Inoculation


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inoculation,

in medicine, introduction of a preparation into the tissues or fluids of the body for the purpose of preventing or curing certain diseases. The preparation is usually a weakened culture of the agent causing the disease, as in vaccinationvaccination,
means of producing immunity against pathogens, such as viruses and bacteria, by the introduction of an killed or weakened microorganism, a harmless piece of a microorganism, or the like to stimulate the body to produce antibodies against more dangerous forms.
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 against smallpox; however, it may also be composed of antitoxinsantitoxin,
any of a group of antibodies formed in the body as a response to the introduction of poisonous products, or toxins. By introducing small amounts of a specific toxin into the healthy body, it is possible to stimulate the production of antitoxin so that the body's
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, which provide immunity themselves, or toxoidstoxoid,
protein toxin treated by heat or chemicals so that its poisonous property is destroyed but its capacity to stimulate the formation of toxin antibodies, or antitoxins, remains.
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, which are proteins that stimulate the body to produce antitoxins (see immunityimmunity,
ability of an organism to resist disease by identifying and destroying foreign substances or organisms. Although all animals have some immune capabilities, little is known about nonmammalian immunity.
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). Various forms of inoculation were used from ancient times in China, India, and Persia, but it remained for the English physician Edward JennerJenner, Edward,
1749–1823, English physician; pupil of John Hunter. His invaluable experiments beginning in 1796 with the vaccination of eight-year-old James Phipps proved that cowpox provided immunity against smallpox.
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 in the late 18th cent. to demonstrate its feasibility to the Western world. The term inoculation is used also to refer to the introduction of certain substances into plant tissues or to the placement of microorganisms into culture media (for experimental or diagnostic purposes) or into the soil.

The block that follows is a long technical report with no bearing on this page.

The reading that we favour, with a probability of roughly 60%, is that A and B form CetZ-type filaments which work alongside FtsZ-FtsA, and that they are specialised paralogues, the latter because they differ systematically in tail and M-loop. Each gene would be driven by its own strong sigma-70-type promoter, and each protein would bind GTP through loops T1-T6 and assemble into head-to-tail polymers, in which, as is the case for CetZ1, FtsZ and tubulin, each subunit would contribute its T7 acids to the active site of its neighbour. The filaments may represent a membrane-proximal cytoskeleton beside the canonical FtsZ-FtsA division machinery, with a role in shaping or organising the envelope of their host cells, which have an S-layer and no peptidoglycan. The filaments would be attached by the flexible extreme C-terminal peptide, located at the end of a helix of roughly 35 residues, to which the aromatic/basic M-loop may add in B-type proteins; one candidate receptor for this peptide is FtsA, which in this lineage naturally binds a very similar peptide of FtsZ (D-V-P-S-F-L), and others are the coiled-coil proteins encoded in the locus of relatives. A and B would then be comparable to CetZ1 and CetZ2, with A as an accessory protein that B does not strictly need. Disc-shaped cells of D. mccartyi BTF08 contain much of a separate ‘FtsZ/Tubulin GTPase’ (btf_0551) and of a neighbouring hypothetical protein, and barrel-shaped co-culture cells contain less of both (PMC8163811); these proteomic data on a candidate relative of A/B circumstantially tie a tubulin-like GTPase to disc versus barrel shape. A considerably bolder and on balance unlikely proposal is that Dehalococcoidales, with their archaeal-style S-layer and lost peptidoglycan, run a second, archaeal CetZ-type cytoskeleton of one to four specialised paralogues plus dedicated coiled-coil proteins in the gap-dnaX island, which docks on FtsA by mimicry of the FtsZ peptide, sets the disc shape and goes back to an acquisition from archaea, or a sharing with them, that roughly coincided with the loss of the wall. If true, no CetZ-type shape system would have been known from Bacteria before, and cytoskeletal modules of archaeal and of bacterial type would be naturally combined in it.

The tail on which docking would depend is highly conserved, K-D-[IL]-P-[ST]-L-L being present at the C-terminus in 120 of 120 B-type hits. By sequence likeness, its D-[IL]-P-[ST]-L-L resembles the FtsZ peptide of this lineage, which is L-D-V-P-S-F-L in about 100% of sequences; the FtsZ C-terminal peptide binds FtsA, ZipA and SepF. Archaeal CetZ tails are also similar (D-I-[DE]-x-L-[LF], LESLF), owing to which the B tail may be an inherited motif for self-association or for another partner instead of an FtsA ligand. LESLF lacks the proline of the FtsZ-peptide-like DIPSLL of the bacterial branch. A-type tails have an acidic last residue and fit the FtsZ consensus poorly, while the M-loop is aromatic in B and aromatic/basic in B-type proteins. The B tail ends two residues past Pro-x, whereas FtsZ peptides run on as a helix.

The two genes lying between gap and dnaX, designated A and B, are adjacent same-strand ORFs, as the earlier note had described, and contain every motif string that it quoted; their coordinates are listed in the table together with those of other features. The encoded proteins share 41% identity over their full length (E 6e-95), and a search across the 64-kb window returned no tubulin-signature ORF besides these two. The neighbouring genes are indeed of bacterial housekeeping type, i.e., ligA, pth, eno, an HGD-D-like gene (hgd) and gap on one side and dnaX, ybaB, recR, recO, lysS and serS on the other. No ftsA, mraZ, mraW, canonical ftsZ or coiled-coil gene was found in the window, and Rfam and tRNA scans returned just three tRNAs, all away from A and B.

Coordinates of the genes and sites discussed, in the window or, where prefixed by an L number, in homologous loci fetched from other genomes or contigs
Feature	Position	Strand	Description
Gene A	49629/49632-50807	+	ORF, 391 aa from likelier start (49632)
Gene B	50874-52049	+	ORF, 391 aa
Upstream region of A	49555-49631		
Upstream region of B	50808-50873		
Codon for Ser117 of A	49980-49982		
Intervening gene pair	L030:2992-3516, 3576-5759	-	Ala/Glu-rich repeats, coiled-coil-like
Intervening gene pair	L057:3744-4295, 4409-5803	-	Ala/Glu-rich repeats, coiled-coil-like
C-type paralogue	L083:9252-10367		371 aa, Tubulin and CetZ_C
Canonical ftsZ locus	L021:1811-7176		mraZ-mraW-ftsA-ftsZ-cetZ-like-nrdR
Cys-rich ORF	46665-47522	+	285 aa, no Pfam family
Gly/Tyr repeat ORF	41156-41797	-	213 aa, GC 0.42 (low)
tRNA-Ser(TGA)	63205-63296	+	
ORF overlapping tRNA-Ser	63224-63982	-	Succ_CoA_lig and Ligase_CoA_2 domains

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Inoculation

The process of introducing a microorganism or suspension of microorganism into a culture medium. The medium may be (1) a solution of nutrients required by the organism or a solution of nutrients plus agar; (2) a cell suspension (tissue culture); (3) embryonated egg culture; or (4) animals, for example, rat, mouse, guinea pig, hamster, monkey, birds, or human being. When animals are used, the purpose usually is the activation of the immunological defenses against the organism. This is a form of vaccination, and quite often the two terms are used interchangeably. Both constitute a means of producing an artificial but active immunity against specific organisms, although the length of time given by such protection may vary widely with different organisms. See Immunity, Vaccination

McGraw-Hill Concise Encyclopedia of Bioscience. © 2002 by The McGraw-Hill Companies, Inc.
The following article is from The Great Soviet Encyclopedia (1979). It might be outdated or ideologically biased.

Inoculation

 

the introduction of live microorganisms, infective material, serum, or other substances into plant, animal, or human tissues, as well as into cultural media. The inoculation of a healthy person with a live causative agent of a disease (for example, vaccinia virus) produces a mild form of the disease and thereby develops immunity. Inoculation may be therapeutic (injection of specific serum for therapeutic purposes) or prophylactic (injection of immune serum or vaccine as a means of protection against a particular disease).